THIS REPORT CONTAINS ASSESSMENTS OF COMMODITY AND TRADE ISSUES MADE BY USDA STAFF AND NOT NECESSARILY STATEMENTS OF OFFICIAL U.S. GOVERNMENT POLICY Required Report - public distribution Date: 10/31/2011 GAIN Report Number: BH1101 Belize Food and Agricultural Import Regulations and Standards - Narrative FAIRS Country Report Approved By: Henry Schmick, Regional Agricultural Counselor Prepared By: Edith Vasquez, Marketing Specialist Report Highlights: Sections Updated: All sections are updated. Section I. Food Laws: In Belize, there are several government agencies involved with food-laws. The Ministry of Agriculture and Fisheries (MAF) ( has the legal responsibility of food safety and quarantine. The Ministry of Economic Development, Commerce, Industry and Consumer Protection has the responsibility in terms of local production and import quotas. Finally, the Belize Bureau of Standards (BOS) is responsible for all food standards and labeling laws. In April 2000, under accordance with Section 86 of the Belize Agricultural Health Act, No. 47 of 1999, the Belize Agricultural Health Authority (BAHA) was created. The purpose of this agency is to incorporate and modernize the plant and animal health, and quarantine services of Belize. Although this agency is under the MAF, the board of directors consists of members from the four ministries that represent agriculture, trade, health, and economic development, and five members from private sector associations representing the agriculture and fishing sectors (details of BAHA and its board can be found at For the purpose of shipping U.S. food and agricultural products, exporters must deal directly with BAHA for all sanitary and phytosanitary (SPS) issues. BAHA is responsible for approving the import procedure, and when needed, it will process import applications with other agencies for approvals. The documentation needed to import food and agricultural products into Belize is an import permit from BAHA, an SPS certificate, a certificate of origin, a commercial invoice, and a bill of lading. Most plant products will also need a certificate of treatment and inspection by quarantine officials. Belize does not have a product registration law; therefore the sanitary permit number of the product issued by the country of origin is automatically accepted in Belize. Section II. Labeling Requirements: A. General Requirements Belize law requires the labeling of all processed food products. Since English is the official language, U.S. product labels are accepted. However, U.S. firms should verify that for product labels, all of the following requirements are met: The name of the food List of ingredients, in descending order Net contents and weight/volume Name and address of the manufacturer Country of origin Batch/Lot identification Expiration Date Storage instructions Instructions for use General Exemption: A processed food product that is prepackaged and labeled in English in accordance with the laws and standards in force in the United States, Canada, the Caribbean Community, or the European Union shall be deemed to comply with this standard. B. Requirements Specific to Nutritional Labeling The Belize Bureau of Standards has standard requirements for the labeling and marking of locally manufactured and imported products sold in Belize. The standard requires that the label affixed to a product gives detailed information on the good, such as the ingredients used and nutritional facts. Section III. Packaging and Container Regulations: There are no known limitations or requirements on containers or packaging. Section IV. Food Additives Regulations: Food additives also fall under the responsibility of the BOS. This agency uses Codex Alimentarius standards as a reference. The United States Food and Drug Administration additives standards are also approved. The law, per Article, states that food additives which appear in the list of food additives permitted for use in foods generally are allowed. The following class titles shall be identified with the specific name or recognized numerical identification as required by national legislation. Acidity Regulators Flour Treatment agents Anti-caking agents Gelling Agents Anti-Foaming agents Glazing Agents Antioxidants Preservatives Artificial Sweeteners Propellants Colors Racing Agents/ Baking Powder Emulsifiers Stabilizers Emulsifying Salts Thickeners Flavor Enhancers Section V. Pesticides and Other Contaminants: The Pesticide Control Board, an agency within the MAF, regulates pesticides. Belize uses internationally accepted standards, and pesticides which enter the country must be registered at the Pesticide Control Board (PCB) located in Central Farm, Cayo District, Belize. Additional information can be found at: or by email: Section VI. Other Regulations and Requirements: In addition to the sanitary rules and regulations for imports of food and agricultural products, an import license must be obtained from the Ministry of Economic Development, Commerce, Industry and Consumer Protection for certain products that are considered by the government to compete with local production. The license is issued when there is a shortfall between local production and demand; importers are concerned about the discretionary nature of approvals. Importers must request this license at least one week in advance prior to shipment. The license is specific in terms of the quantity to be imported and for the duration of its validity. The application for the license is done at BAHA and the officer assigned to the case will internally request approval from the Ministry of Economic Development, Commerce, Industry and Consumer Protection. FAS/Guatemala has observed that, in some cases, the licenses are approved but the quantities permitted are so small as to not be economically feasible to import. There are many products that require this import license. Controlled products are listed below: Rice Maize Beans Fuels (petroleum products) Bleaching Agents Milk Eggs Gases Flour Poultry: Live fresh chilled or frozen Fruits and Vegetables (excluding baby chicks) Furniture of wood, cane, osier, bamboo, Citrus and beverages containing rattan or similar material citrus products Lumber and articles of wood Jams, jellies and pepper sauce Meats and meat preparations Dry Pasta products Molasses and sugar (excluding icing Matches sugar) Animal feed Wearing apparel: T-Shirts (all types) for Toilet paper commercial purposes Peanuts Beer and beverages (excluding dietetic Yachts and other Vessels beverages) Brooms Soaps To view updates to this list, see this website: In the case that you cannot find the appropriate answer to your question please email To view the law, search for ?Supplies Control? at this website: Section VII. Other Specific Standards: None. Section VIII. Copyright and/or Trademark Laws: Although product registration is not required in Belize, trademarks are protected. Belize is a member of the World Trade Organization and a signatory of Trade-Related Aspects of Intellectual Property Rights (TRIPS), which was set up to protect intellectual property. Copyright violations have not been a problem in Belize. Property rights are well understood in this country, which was a British Colony for many centuries, and is part of the British Commonwealth. The Belize Intellectual Property Office (BELIPO), can be contacted through their web-site where detailed information can be found regarding legislation, regulation, customs consults, enforcement manuals, fees, links to lawyers and others. Section IX. Import Procedures: The import procedure begins at the nearest BAHA office. For a list of the offices please refer to Appendix II or go to web- site Documents must be in English, the official language of Belize. For routine items, it is recommended that importers begin the process (at least) one week before the actual import is to occur. First, the applicant files an application at the BAHA office and pays an application fee. The Belize dollar (BLZ$) is pegged to the US$ at BLZ$2 = U.S. $1. In this application, the importer must specify the products and quantities for importation. If any of the products are on the list of controlled products, approval is required from the Ministry of Economic Development, Commerce, Industry and Consumer Protection. The officer in charge of the application will meet with the appropriate officer at the Ministry of Economic Development, Commerce, Industry and Consumer Protection and establish whether there is a supply deficit as well as the maximum amount to be imported. The documents needed for this stage are both the sanitary or phytosanitary certificate, and the certificate of origin (these can be faxed copies). This part of the procedure can take up to a week, but generally is accomplished in three working days. Once the import permit has been issued, the importer must send it to his supplier. The permit will specify the documents which must accompany the shipment. It is important to remember that the import permit must accompany the shipment from the point of origin to Belize. Once the shipment has arrived, the importer must go to the customs office with the import permit. There the importer must fill out a Customs Declaration Form C-100 ( and must present the following documents: REQUIRED DOCUMENTS Bill of Lading Commercial Invoice Phytosanitary Certificate or Sanitary Certificate (depending on product) Certificate of Origin BAHA Import Permit Customs Declaration Form C-100 (SAD- Single Administrative Document) Other certificates might be needed depending on the product (*see below) Once the importer submits the foregoing documents, they are checked and verified by a customs official. If all is in order, the documentation is sent to the customs cashier, where the importer must pay all relevant duties, after which he will receive documentation with the appropriate signatures. This part can take as from one day to one week. In general, it is accomplished in the first 48 hours. Lastly, the importer takes all these documents to the port of entry and hands them over to the customs official in charge. At this point, the official will verify that all the amounts in the shipment are consistent with those specified in the documents. The paperwork then goes to a BAHA inspector who will also verify that all the SPS conditions have been met. After that, the importer will be allowed to exit the port with his merchandise. *It is important that the U.S. exporter have a good relationship with their Belizean importer, and get feedback on updated requirements for the SPS certificates. Unfortunately, specific SPS requirements (the attestations section on the certificates) change often. Procedures for import permits can be found at: Guidelines for importation of live animals can be found at: Appendix I. Government Regulatory Agency Contacts: Government of Belize: Ministry of Agriculture and Fisheries (MAF): Name: Rene Montero Title: Minister of Agriculture and Fisheries Address: 2nd Floor West Block Building, Belmopan City, Belize Phone: (501) 822-2241/42 Fax: (501) 822-2409 Email: Pesticide Control Board (PCB): Members of the Pesticides Control Board are appointed by the Minister of Agriculture and serve for a period of two years, representing all major sectors interested in the issue of pesticides and pesticides control, such as the Ministries of Agriculture, Health and the Environment, agricultural producers, Non-governmental organizations, and the pesticide industry. Phone: (501) 824-2640 Fax: (501) 824-3486 Email: Belize Intellectual Property Office (BELIPO): Address: 2nd Floor Habet Building, PO Box 593, Constitution Drive, Belmopan City, Belize Phone: (501) 822-1380, (501) 822-2073 Fax: (501) 822-1382 Belize Customs Office: Name: Mr. Gregory Gibson Title: Comptroller of Customs Address: Customs House, Port Loyola, P.O. Box 146, Belize, City Phone: (501) 227-7092 ext. 201 Fax: (501) 227-7091 Email: Ministry of Economic Development, Commerce, Industry, and Consumer Protection: Name: Ms. Yvonne Hyde Title: Chief Executive Officer Address: Ground Floor, Right Wing, Sir Edney Cain Building, Belmopan City, Belize Phone: (501) 822-2526/822-2527/822-1495 Fax: (501) 822-3673 Email: Belize Bureau of Standards (BOS): Name: Jos? E. Trejo Title: Director Address: Power Lane Ministry of Works Compound, Belmopan City Tel: (501) 822-0446, (501) 822-0447 Fax: (501) 822-2571 Belize Agricultural Health Authority (BAHA): Address: Central Farm, Cayo District, Belize Tel: (501) 824-4899 or (501) 824-4872 Fax: (501) 824-3773 or (501) 824-4889 E-mail: MANAGING DIRECTOR QUARANTINE DEPARTMENT Michael Thomas Margarito Garcia Managing Director Director of Quarantine Belize Agricultural Health Authority Belize Agricultural Health Authority Corner of Hummingbird Highway and Forest Central Farm, Cayo District, Belize, C.A. Drive, P. O. Box 169, Tel: 501-824-4899; 501-824-4872 Belmopan, Belize, Central America Fax: 501-824-3773; 501-824-4889 Tel: 501-822-0197; 501-822-0818/1378 E-mail: or Tel: 501-822-0271 E-mail: PLANT HEALTH DEPARTMENT FOOD SAFETY DEPARTMENT Francisco Gutierrez M.Sc. Michael W. De Shield B.VSc. M.Sc. Director of Plant Health Director of Food Safety Belize Agricultural Health Authority Belize Agricultural Health Authority Central Farm, Cayo District, Belize, C.A. P. O. Box 181 Tel: 501-824-4899; 501-824-4872 St. Joseph Street, Belize City, Belize, C.A. Fax: 501-824-3773; 501-824-4889 Tel: 501-224-4794 E-mail: or Fax: 501-224-5230 E-mail: or ANIMAL HEALTH DEPARTMENT SANITARY AND PHYTOSANITARY ENQUIRY POINT Dr. Miguel DePaz Delilah A. Cabb B.Sc. M.Sc. Director of Animal Health Coordinator Belize Agricultural Health Authority Sanitary and Phytosanitary Enquiry Point Central Farm, Cayo District, Belize, C.A. Belize Agricultural Health Authority Tel: 501-824-4899; 501-824-4872 Central Farm, Cayo District, Belize, C.A. Fax: 501-824-3773; 501-824-4889 Tel: 501-824-4899; 501-824-4872 E-mail: or Fax: 501-824-3773; 501-824-4889 E-mail: or VETERINARY DRUGS REGISTRATION MEDFLY SURVEILLANCE AND PINK HIBISCUS MEALY AND CONTROL UNIT BUG (PHMB) CONTROL PROGRAMMES Miguel Figueroa D.V.M. Hernan Zetina Veterinary Drugs Registrar Coordinator Veterinary Drugs Registration and Control Medfly Surveillance and PHMB Control Programmes, Plant Health Unit, P. O. Box 181, Department St. Joseph Street, Belize City, Belize, C.A. Belize Agricultural Health Authority Tel: 501-224-4794 Agricultural Show Grounds, P. O. Box 169, Fax: 501-224-5230 Belmopan, Belize, Central America E-mail: or Tel: 501-822-3753 Fax: 501-822-3753 E-mail: Appendix II. Other Import Specialist Contacts: If you have questions regarding this report or need assistance exporting to Belize, please contact the U.S. Agricultural Affairs Office at the following address. Foreign Agricultural Service, Office of Agricultural Affairs, United States Embassy Guatemala Avenida Reforma 7-01, Zona 10 Guatemala, Ciudad 01010 Tel: (5(502) 2326-4030 Fax: (5(502) 2331-8293 Email: You may also wish to contact: Foreign Commercial Service, United States Embassy Belize U.S. Embassy Belmopan Floral Park Road Belmopan, Belize Tel: (501) 822-4011 Fax:(501) 822-4012 Email: Their Country Commercial Guide can be found at: American Chamber of Commerce of Belize 11/2 Miles Northern Highway Belize City Send correspondence to: P.O. Box 911 Belize City, Belize Tel/Fax: (501) 223-2924/25 For further information on exporting U.S. agricultural products to Belize and other countries, please visit the Foreign Agriculture Service home page:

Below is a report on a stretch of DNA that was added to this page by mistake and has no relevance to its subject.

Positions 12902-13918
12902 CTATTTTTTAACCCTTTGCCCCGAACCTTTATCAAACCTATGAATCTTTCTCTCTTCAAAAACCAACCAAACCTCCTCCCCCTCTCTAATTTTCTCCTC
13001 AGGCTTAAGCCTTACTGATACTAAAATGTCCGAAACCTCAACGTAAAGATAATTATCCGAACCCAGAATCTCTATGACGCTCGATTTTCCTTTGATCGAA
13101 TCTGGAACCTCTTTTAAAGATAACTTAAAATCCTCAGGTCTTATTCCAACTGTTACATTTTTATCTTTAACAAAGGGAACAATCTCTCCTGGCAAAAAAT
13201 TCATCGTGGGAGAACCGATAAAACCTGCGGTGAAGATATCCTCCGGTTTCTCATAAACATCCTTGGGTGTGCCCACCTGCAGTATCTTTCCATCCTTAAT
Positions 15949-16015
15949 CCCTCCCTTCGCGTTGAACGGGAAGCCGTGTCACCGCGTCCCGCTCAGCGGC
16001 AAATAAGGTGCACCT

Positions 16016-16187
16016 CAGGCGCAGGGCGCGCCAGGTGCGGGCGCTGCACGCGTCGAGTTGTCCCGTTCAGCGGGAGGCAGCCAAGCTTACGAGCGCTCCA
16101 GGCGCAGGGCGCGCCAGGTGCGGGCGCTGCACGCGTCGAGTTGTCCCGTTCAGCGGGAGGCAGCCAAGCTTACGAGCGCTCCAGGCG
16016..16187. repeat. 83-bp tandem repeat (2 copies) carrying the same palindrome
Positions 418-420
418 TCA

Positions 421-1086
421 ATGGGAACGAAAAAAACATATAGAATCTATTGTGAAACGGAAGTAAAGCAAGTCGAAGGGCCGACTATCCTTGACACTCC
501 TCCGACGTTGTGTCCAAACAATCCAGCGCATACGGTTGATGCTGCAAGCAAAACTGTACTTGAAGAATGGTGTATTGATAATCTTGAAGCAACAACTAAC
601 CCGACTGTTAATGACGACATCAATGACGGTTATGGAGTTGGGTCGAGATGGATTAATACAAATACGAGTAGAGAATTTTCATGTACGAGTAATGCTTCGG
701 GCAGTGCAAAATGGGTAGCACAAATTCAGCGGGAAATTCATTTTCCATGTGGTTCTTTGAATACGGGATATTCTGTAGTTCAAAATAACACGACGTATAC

Posted: 30 November 2011